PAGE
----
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I was perplexed to find that, when running for instance journalctl -f showed my logs to stop on Apr 20th, 8 months ago. I piped to less, journalctl | less and pressed G to go to the end, same thing.

Then I did journalctl | less and went down 'slowly' (ctrl+d), this way I was able to go way further than Apr 20th...

Theres a LOT in the logs! I think it is because there's a limit on what is being loaded. However, shouldn't the logs get rotated? Or somehow pruned without user intervention?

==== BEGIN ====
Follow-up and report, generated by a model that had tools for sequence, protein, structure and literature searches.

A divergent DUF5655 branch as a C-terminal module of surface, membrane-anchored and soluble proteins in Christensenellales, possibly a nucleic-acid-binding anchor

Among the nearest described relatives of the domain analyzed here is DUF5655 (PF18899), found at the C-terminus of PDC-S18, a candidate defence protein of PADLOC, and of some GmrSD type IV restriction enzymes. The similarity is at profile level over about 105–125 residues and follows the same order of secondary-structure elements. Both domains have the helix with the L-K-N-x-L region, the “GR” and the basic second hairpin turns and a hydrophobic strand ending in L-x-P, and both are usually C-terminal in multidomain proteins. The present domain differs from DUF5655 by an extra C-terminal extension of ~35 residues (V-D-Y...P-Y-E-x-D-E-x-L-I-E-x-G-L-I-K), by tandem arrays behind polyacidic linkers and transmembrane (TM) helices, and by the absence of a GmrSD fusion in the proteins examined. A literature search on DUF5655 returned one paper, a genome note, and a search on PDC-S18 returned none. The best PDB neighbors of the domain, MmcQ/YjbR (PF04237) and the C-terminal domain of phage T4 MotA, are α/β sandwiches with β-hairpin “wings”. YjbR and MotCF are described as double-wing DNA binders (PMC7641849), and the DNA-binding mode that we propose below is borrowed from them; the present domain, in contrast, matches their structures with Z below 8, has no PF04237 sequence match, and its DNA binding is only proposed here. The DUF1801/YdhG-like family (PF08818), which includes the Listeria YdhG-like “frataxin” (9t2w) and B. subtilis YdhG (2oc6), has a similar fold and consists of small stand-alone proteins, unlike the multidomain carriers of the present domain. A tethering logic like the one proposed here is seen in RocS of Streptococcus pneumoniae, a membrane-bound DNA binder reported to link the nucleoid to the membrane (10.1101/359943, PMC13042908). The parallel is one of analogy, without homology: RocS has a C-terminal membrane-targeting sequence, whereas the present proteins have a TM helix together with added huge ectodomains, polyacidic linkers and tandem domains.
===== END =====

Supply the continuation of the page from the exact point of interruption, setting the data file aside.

In my journald.conf SystemMaxFileSize/SystemMaxUse isn't set (a solution I found here). I could try the above, but I kinda want to get to the bottom of it.

I'm on Manjaro 5.8.18-1.

Any help or insights are greatly appreciated. Thanks!

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The bottom of it is that SystemMaxUse is not defined by default, so journald log can grow infinitely large.

Journald logs are not rotated because it stores data in a way which makes rotating logs near impossible.

To reduce the size of your logs, run sudo journalctl --vacuum-size=100M

To avoid the issue, please define SystemMaxUse - I personally have:

cat /etc/systemd/journald.conf.d/systemMaxUse.conf
[Journal]
SystemMaxUse=64M

More than enough for a home PC.

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